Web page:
Christina Boy poses in her Madison, Virginia, studio. © Bob Narod
Patterned, a stained-ash bench finished in milk paint. © Chris Thomas
The maple-and-cherry Table 1236, finished with milk paint. © Chris Thomas
A drawer detail reveals cherry, walnut, maple and oak veneers. © Chris Thomas
Boy works on an ash stool with milk-painted legs. © Bob Narod
A white-oak coffee table features a knobby, whitewashed detail. © Bob Narod
Rocking Stool is made of cherry with an upholstered seat. © Chris Thomas
The Patchwork Chair combines a red-elm frame, birch core and poplar strips. © Chris Thomas
Patterned, a stained-ash bench finished in milk paint. © Chris Thomas
The maple-and-cherry Table 1236, finished with milk paint. © Chris Thomas
A drawer detail reveals cherry, walnut, maple and oak veneers. © Chris Thomas
Boy works on an ash stool with milk-painted legs. © Bob Narod
A white-oak coffee table features a knobby, whitewashed detail. © Bob Narod
Rocking Stool is made of cherry with an upholstered seat. © Chris Thomas
The Patchwork Chair combines a red-elm frame, birch core and poplar strips. © Chris Thomas

Angled Approach

Christina Boy celebrates color, texture and simplicity in work that marries clean lines and a rustic edge

A poster depicting the Vitra Design Museum’s iconic mid-century chair collection hangs in Christina Boy’s studio, located on her father-in-law’s farm in rural Madison, Virginia. These iconic chair profiles and the studio’s bucolic setting have both come to influence Boy’s work: The German native grew up loving Bauhaus and Scandinavian design, and that pared-down simplicity informs the furniture she builds with hardwoods sourced from the rolling Virginia countryside and nearby environs.

“I love the less-is-more approach, but I also love pattern, texture and color,” says Boy, 40, whose studio faces a pastoral horizon ringed by the Shenandoah mountains. “The colors I use a lot in my work are those I have all around me. They speak to me.” For example, some of her chairs and tables are striped in multiple hues of sanded-down milk paint. The rustic stripes remind her of aerial shots of fields and landscapes, like rows of freshly cut hay cross-hatched with tire tracks.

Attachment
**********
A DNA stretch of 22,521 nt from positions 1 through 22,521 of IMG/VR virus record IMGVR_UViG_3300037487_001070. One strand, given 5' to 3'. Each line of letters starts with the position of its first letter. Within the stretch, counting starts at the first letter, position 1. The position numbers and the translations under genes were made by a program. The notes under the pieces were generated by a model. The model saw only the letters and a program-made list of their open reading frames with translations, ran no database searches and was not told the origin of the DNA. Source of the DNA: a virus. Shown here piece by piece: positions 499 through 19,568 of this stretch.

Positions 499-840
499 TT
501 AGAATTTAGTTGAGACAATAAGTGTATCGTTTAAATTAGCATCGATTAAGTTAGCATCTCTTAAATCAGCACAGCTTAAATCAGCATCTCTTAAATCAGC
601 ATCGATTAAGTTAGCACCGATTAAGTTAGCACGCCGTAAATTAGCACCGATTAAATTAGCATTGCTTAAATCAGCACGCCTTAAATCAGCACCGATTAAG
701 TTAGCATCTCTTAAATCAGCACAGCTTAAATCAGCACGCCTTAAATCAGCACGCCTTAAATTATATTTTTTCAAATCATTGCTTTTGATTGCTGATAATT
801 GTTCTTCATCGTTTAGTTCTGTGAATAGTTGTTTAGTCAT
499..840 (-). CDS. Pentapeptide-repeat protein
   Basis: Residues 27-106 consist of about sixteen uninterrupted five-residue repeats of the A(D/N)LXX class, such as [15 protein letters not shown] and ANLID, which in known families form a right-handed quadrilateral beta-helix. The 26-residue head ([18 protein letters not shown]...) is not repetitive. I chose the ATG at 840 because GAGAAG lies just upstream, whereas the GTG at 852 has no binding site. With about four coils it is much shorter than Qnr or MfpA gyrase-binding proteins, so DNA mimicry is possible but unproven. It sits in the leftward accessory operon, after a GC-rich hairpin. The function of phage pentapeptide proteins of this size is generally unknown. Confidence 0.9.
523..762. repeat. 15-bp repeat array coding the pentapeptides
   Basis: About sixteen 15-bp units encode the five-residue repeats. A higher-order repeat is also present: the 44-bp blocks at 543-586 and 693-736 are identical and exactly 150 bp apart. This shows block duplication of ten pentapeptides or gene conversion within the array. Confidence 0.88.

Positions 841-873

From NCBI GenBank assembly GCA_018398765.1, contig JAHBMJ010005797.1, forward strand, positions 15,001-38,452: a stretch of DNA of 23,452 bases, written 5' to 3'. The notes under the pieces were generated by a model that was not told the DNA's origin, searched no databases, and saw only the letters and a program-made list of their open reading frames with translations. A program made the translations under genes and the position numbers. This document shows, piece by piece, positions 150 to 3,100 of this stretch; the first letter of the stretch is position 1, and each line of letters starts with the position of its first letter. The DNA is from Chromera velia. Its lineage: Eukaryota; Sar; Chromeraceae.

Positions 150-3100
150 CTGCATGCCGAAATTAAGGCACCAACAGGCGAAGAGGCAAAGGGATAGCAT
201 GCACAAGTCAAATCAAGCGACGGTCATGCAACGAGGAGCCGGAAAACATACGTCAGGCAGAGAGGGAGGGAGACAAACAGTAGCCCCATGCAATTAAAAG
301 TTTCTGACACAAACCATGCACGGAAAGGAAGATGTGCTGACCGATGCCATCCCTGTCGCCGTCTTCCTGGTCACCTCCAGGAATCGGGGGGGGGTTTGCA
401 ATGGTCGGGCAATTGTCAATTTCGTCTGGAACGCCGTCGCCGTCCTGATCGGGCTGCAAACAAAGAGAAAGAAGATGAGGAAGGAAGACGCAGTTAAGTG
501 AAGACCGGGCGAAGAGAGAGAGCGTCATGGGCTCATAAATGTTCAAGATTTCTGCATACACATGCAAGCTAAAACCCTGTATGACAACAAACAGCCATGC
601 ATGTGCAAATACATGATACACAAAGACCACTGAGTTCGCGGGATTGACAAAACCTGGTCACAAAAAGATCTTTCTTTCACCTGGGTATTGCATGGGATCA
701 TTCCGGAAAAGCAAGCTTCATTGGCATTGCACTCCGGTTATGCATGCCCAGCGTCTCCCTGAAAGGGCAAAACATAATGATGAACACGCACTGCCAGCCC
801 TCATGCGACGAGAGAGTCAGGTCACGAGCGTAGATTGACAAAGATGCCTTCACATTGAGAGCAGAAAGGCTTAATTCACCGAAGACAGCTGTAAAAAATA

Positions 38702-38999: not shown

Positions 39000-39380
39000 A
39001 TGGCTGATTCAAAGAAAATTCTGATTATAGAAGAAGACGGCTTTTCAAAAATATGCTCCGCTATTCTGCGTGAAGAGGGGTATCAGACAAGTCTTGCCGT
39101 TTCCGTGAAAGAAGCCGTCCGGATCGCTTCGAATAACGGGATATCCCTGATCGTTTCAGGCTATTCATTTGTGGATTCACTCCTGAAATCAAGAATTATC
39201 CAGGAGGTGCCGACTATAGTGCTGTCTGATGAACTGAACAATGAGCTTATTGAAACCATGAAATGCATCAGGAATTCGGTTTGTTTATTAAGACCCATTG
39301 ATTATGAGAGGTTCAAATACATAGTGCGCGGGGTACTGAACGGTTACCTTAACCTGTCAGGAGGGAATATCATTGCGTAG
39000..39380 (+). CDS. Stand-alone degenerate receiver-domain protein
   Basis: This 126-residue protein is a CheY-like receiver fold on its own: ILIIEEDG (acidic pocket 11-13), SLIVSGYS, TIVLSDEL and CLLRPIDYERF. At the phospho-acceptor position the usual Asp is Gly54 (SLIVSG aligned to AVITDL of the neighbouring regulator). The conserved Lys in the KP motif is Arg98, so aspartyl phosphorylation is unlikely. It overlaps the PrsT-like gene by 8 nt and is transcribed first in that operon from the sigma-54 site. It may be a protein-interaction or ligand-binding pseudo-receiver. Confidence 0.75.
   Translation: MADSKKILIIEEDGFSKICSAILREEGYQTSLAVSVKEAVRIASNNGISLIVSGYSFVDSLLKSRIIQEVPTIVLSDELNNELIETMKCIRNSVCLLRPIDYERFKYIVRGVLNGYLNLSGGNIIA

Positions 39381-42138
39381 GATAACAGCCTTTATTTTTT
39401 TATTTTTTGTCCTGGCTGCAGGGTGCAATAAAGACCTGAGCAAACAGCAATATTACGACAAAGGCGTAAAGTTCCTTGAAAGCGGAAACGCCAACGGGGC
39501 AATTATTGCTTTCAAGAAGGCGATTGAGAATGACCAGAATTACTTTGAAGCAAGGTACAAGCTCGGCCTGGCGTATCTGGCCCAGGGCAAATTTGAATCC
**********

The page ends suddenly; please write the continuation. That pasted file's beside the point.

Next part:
Boy trained as an apprentice at a commercial furniture and design showroom in Bonn, Germany, where she learned how to draft. Then Virginia Commonwealth University’s crafts and materials program lured her to the States. “I wanted to learn how to make the furniture, not just sell it,” she observes. Boy interned with Arlington designer Julia Overton for a year before starting school in 2003. After graduating, she honed her furniture-making skills with a two-year fellowship in woodworking at the Penland School of Craft near Asheville, North Carolina.

A major part of Boy’s studio work begins before she cuts the first piece of wood. “I keep a sketch book. Sometimes I’ll sketch something 20 times, and every time the angles change just a little bit,” she explains. Recent commissions include a clean-lined coffee table made with white oak sourced from Montpelier, the nearby estate of James Madison; a shelf under the tabletop is framed with a knobby, whitewashed border. “I draw the pattern on the wood, then cut it freehand using a band saw,” Boy says. “It’s very meditative once you get going—one little cut after another.”

She employed a similar method on walnut end tables whose sides are lined with brass-studded poplar slats and textured with sanded layers of blue-green, orange and black paint. “I always try to find a way to keep the lines simple, but I love to add a little bit of funkiness,” she reveals.

Boy built her studio—an addition to an existing building on the farm—with her husband, Robert Turner, who works in his family’s construction business by day but shares her artistic sensibilities. They took pottery classes together when they first started dating, and Turner has since begun to make jewelry, which he sells while she’s displaying her work at area craft shows.

As Boy fabricates each piece, she recycles nearly all of its byproducts: Sawdust goes to the barn as bedding for the cows, and wood scraps go to Turner’s aunts and uncles as kindling for their wood stoves. The artist uses other leftovers to make decorative items for her home, located down the street—a modern A-frame that was the first house Turner ever built.

As someone who professes to get bored easily, Boy’s work is constantly evolving. She’s currently exploring new disciplines, such as weaving Danish paper cord, rope and leather to form seats on benches and barstools. “It’s another way for me to add texture to my pieces,” she notes. She’s also taken classes in blacksmithing and welding with noted metalworker Vivian Beer and hopes to collaborate with local blacksmiths to design furniture in the future. Whatever the medium, Boy’s ongoing fascination with new methods and materials resonates with clients who cherish her one-of-a-kind pieces—in the same way Boy relishes the design profiles of the chairs on that Vitra poster she’s had since she was 19: “It’s been a huge source of inspiration. Even 21 years later, I still find details I’ve not noticed before.”

Christina Boy will exhibit her work October 5 and 6 in Williamsburg’s “An Occasion for the Arts” show; and October 11 to 13 in Easton’s Academy Art Museum Craft Show. For more information, visit christinaboydesign.com.